Galette Dough useful for almost any kind of filling

By Sandy Oliver,
Posted Feb. 28, 2012, at 11:59 a.m.

Firstly, oops. Last week for the oatmeal bread recipe, I listed 7-8 cups of flour among the ingredients, but in the instructions I left 2-3 cups out. Several of you emailed or wrote to ask when to add them in. So, everyone go get a pen and annotate your recipe. You can put two more cups into the dough either right after the first rising or the second, and any additional flour is for kneading. I treat the first rising as a sponge — that is, I let the yeast work on the flour and oatmeal until it is all bubbly and then I poke it or stir it down. Then I let it rise again and add the rest of the flour.

I have to say, I was just delighted to see that there were so many of you out there interested in making bread. There are really only a couple of steps and the rest of the time, the bread does its own thing. I find it very forgiving. I have assembled the dough, then decided to go do something else, punched it down, stuck it in the fridge, come back later, punched it down again, then finally got around to finishing the loaves all out of order of the recipe’s recommended assembly.

So now, Galette Dough. If you have been reading this column for any time, you know I like tinkerability in a recipe. What I like about this recipe is that the dough is useful for just about any kind of filling you may want to put in it. I used apples which I am storing in the cellar, and some of which will not last much longer. Using them up before they get mushy is the order of the day. I sliced them as if for pie, then dumped on a big old spoonful of peach jam, some cinnamon and sugar, and tossed it around. Then I plopped it in the middle of the dough.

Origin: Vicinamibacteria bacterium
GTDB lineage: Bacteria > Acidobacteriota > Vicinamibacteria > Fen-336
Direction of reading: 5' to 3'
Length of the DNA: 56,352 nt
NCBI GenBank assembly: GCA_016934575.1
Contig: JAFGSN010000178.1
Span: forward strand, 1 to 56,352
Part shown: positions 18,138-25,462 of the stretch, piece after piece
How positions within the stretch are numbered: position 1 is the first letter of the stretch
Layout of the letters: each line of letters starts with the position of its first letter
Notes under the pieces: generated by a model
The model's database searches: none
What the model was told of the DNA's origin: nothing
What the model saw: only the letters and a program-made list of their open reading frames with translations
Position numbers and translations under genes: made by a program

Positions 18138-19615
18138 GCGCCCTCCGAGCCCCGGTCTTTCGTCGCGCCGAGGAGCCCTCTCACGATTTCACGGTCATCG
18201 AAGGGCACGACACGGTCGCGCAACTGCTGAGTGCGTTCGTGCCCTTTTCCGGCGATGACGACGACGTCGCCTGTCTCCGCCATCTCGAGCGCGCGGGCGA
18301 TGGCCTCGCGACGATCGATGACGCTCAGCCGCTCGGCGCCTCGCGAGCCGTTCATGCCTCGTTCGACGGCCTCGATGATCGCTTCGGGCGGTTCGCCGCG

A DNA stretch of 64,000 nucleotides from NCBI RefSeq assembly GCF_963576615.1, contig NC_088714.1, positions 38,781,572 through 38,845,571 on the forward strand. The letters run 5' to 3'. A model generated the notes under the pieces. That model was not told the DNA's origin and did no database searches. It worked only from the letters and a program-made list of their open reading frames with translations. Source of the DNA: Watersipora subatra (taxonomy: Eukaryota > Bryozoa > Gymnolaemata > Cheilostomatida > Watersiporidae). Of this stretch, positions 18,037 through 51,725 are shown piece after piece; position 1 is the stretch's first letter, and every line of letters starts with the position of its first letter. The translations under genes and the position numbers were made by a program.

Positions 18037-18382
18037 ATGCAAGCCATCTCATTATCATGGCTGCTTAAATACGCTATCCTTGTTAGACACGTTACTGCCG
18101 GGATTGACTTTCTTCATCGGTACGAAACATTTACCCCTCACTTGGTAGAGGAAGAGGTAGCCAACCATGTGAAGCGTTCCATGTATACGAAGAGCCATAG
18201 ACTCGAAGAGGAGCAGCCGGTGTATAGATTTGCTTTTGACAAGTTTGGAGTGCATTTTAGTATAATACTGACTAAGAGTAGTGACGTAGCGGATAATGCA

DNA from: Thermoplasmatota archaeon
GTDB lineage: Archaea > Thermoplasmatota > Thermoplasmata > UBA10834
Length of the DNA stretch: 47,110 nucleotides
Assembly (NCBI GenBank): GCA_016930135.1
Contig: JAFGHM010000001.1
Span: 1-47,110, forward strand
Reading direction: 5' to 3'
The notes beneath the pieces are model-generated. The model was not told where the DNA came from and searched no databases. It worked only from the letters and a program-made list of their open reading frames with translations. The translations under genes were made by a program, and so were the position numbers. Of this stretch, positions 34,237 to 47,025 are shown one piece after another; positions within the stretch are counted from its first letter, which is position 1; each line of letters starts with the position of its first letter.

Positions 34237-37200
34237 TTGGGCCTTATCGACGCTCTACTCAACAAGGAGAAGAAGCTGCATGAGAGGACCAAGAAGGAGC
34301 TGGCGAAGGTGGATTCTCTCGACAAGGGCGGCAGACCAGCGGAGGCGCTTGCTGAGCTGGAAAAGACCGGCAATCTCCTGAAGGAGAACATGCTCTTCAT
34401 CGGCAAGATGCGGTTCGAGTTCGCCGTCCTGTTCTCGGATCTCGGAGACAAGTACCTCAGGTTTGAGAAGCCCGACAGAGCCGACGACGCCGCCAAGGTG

As it happened, I was a little short of butter and ended up substituting a couple of tablespoonfuls of cream cheese for butter which actually worked quite well, though I ended up rolling a little extra flour into the dough because it felt a little soft to me. If, however, you use the recipe as it stands you will end up with an easy-to-handle dough that you can roll out, put on a baking sheet, and fill with fruit.

I make a rustic little galette out of it by folding the dough up around on the edges and over the fruit, leaving an opening in the middle. I usually use a food processor to cut the butter into the flour and cornmeal (yes, cornmeal) mixture but you can certainly do it by hand with a pastry blender or two knives or whatever your favorite tool is. You need to cut in the butter, however, more finely than usual for pie dough.

Galette Dough

Serves six to eight

1 cup flour

¼ cup cornmeal

1 teaspoon sugar

½ teaspoon salt

7 tablespoons cold butter, cut into pieces

3 tablespoons sour cream

⅓ cup ice water

Toss together the flour, cornmeal, sugar and salt, then cut in the butter until you can’t see butter bits. Stir together the sour cream and ice water, and add to the flour and butter mixture, tossing until a ball of dough forms. Divide it in two, form a flat disk and chill for an hour or so.

Preheat the oven to 400 degrees and lightly grease a baking sheet. Prepare the filling of your choice. Roll out the disks and place on the baking sheet. Pile about two cups of filling in the center of each disk, and fold the edges up and partly over the filling. Bake for 40-50 minutes, until the filling is soft and the dough is golden brown. Cool.

Send queries or answers to Sandy Oliver, 1061 Main Road, Islesboro 04848 or by email to sandyoliver47@gmail.com. For recipes, tell us where they came from. List ingredients, specify number of servings and do not abbreviate measurements. Include name, address and daytime phone number.

 

http://bangordailynews.com/2012/02/28/living/galette-dough-useful-for-almost-any-kind-of-filling/ printed on August 21, 2014